There are not many skinny Mexicans around, and when so much of their lovely food is deep fried and/or stuffed with cheese, it’s not really surprising. And if it isn’t the cheesy morsels that tempt, the hot weather means that ice cream is always available and beckoning. Thank god I’m nearing the end of the Mexico leg of my travels because I’m quite sure I’ve put on a couple of kilos since being here. I must learn to say NO, rather than thinking “aah, but I’m on holidays!” because, for the sake of not only my figure but also my arteries, I can’t keep saying that for the next 5 months.
Of course, this was slightly relaxed for my 30th birthday, when I treated myself to a lovely, juicy ribeye steak at the fanciest place in Cozumel. Heaven!
I did a couple of great dives in Cozumel off Punta Sur on the morning of my birthday, seeing a turtle, an eagle ray, and gorgeous reef fish and colourful corals. I also tried to dive on Christmas Day, however it was pretty blowy out so the dives were cancelled.
All in all, the last few weeks in the Yucatan peninsula – Cancun (awful, awful place), Isla Mujeres (planned to stay here for 3 days and ended up here for 6 days) and Cozumel (nice diving, shame about the cruise ships) – have been pretty relaxing. I arrived in Tulum yesterday to try some cenote diving, which were completely different to any diving that I’d done before and were a great experience. The first dive was in Angelita, where we went through a halocline of hydrogen sulphate around 25m. I couldn’t even see my buddy a metre in front of me through the cloud – really eerie feeling! The second dive was in the cavern of the Grand Cenote, where the water was gin clear and we weaved our way through hanging stalactites. Breathtaking dive!
Tomorrow is my last day in Mexico before I head off to Belize. Adios amigos!
Dive time: 01:12:00
Max depth: 11.3 metres
Temperature: 26 C
Visibility: 100 metres
Surface interval: 01:28:00
The Gran Cenote looked beautiful and inviting on the surface, and there were lots of swimmers and snorkellers there too. The water was just so sweet when we jumped in – so nice compared to ocean diving!
I followed Johannes with Adrian behind me along a line that had already been laid. It was amazing seeing all these stalactites in gin clear water. The viz was amazing!
Midway through the dive, Johannes gave me a much better torch and I could see even more. Really surreal feeling seeing caves with the gin clear viz – couldn’t believe that I was underwater because it looked like we were just floating in midair! We followed Johannes past some stop sign (Qualified cave divers only!). A bit scary. The most amazing view is back towards the sunlight and the cenote opening and seeing swimmers’ legs.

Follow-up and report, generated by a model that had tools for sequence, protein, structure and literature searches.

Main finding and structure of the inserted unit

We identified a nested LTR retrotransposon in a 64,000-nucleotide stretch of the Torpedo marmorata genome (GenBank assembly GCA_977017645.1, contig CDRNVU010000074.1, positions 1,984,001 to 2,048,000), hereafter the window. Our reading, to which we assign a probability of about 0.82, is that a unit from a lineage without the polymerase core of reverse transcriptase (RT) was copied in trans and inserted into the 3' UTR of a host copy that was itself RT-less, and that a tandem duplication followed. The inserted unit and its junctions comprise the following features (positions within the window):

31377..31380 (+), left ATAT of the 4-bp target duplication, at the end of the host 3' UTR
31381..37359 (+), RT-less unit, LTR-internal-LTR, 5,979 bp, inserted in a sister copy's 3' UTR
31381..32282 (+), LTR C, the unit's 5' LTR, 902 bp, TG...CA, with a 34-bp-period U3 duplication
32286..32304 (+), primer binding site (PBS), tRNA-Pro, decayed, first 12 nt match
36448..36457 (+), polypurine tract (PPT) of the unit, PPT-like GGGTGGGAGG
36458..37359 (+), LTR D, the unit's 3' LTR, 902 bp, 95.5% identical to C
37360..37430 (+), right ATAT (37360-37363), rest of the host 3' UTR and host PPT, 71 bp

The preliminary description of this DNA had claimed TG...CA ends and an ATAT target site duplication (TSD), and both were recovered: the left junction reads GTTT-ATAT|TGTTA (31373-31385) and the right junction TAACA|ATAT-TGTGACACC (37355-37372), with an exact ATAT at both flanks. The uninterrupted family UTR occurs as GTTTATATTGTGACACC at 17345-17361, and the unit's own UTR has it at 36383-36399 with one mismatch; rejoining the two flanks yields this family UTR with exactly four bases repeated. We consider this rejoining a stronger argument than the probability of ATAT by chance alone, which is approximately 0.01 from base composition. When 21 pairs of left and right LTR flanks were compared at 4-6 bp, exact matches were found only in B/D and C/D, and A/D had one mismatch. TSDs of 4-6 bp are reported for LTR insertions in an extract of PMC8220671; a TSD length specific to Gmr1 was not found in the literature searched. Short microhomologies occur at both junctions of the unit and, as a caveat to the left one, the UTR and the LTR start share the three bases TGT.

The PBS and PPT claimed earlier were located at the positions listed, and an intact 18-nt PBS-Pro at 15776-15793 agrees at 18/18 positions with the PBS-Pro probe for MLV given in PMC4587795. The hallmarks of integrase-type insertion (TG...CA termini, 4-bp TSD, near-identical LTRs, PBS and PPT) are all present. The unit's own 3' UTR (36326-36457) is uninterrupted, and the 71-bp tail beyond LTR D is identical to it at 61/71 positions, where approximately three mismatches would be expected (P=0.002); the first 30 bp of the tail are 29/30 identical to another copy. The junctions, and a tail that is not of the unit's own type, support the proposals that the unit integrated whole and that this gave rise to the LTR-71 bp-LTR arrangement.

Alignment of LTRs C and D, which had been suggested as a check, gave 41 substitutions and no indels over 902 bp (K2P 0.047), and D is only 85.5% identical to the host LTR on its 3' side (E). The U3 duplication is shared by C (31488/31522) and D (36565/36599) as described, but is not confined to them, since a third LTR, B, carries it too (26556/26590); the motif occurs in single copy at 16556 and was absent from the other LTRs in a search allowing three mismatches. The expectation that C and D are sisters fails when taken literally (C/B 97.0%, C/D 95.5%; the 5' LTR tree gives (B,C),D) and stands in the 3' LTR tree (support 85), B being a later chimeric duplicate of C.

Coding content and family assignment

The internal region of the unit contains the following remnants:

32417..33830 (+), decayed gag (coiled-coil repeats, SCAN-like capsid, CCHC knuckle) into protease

A beautiful dive!
Dive time: 00:40:00
Max depth: 42.4 metres
Temperature: 26 C
Visibility: 30 metres
I was really excited to do this dive to see and go through the helocline cloud – a sulphur mix in the water that hangs between the fresh and salt water layers in the cenote. Angelita is a sinkhole that is fairly round in shape. I felt a bit murky going down, and the water is just blue until at 25m or so, where the helocline sits. It’s really eerie, since it looks like a cloudy mist and there is a mound in the middle that starts at 22m and goes to the bottom of the cenote. On the mound is a dead tree with branches snaking out. Really eerie!
Through the cloud, I couldn’t even see the DM Johannes just one metre in front of me – just his light. Then we were in the salt water where the visibility cleared again. There were lots of dead leaves on the bottom.
Coming back up through the depths, we explored the sides of the sinkhole, went into a small circular tunnel and saw a few little fish.
A really different and interesting dive! Lots of mosquitos on the surface though!
Dive time: 01:12:00
Max depth: 21.6 metres
Temperature: 28 C
Visibility: 25 metres
Surface interval: 01:21:00
After a chilled out surface interval with fruit and water, we motored to shallower San Francisco reef. More of a wall dive where the top of the reef gradually slopes down toward the deep.
We had a pretty long dive considering we went into deco on the first dive but we had an amazing group. We only had about 5 minutes of deco for this dive.
There was a fair bit of current so it was basically just a mega relaxing drift dive along the wall. No big things on this dive but nice reef and colourful fish.
Dive time: 00:54:00
Max depth: 33.5 metres
Temperature: 28 C
Visibility: 25 metres
What a way to bring in the 30s! Punta Sur is supposed to be one of the best dive spots in Cozumel and we had a fun dive going through some nice swim throughs, including one called The Cathedral since it had a high, pointed opening.
Lots of rocky outcrops with so much growth, soft sponges, hard and soft corals, loads of huge emperor angelfish and grey angelfish, small groupers, hunting barracuda, parrotfish, a turtle, and right at the end on the ascent, we saw a spotted eagle ray on the bottom.
We had a group that was pretty good on air so ended up racking up 8 minutes of deco. Great dive!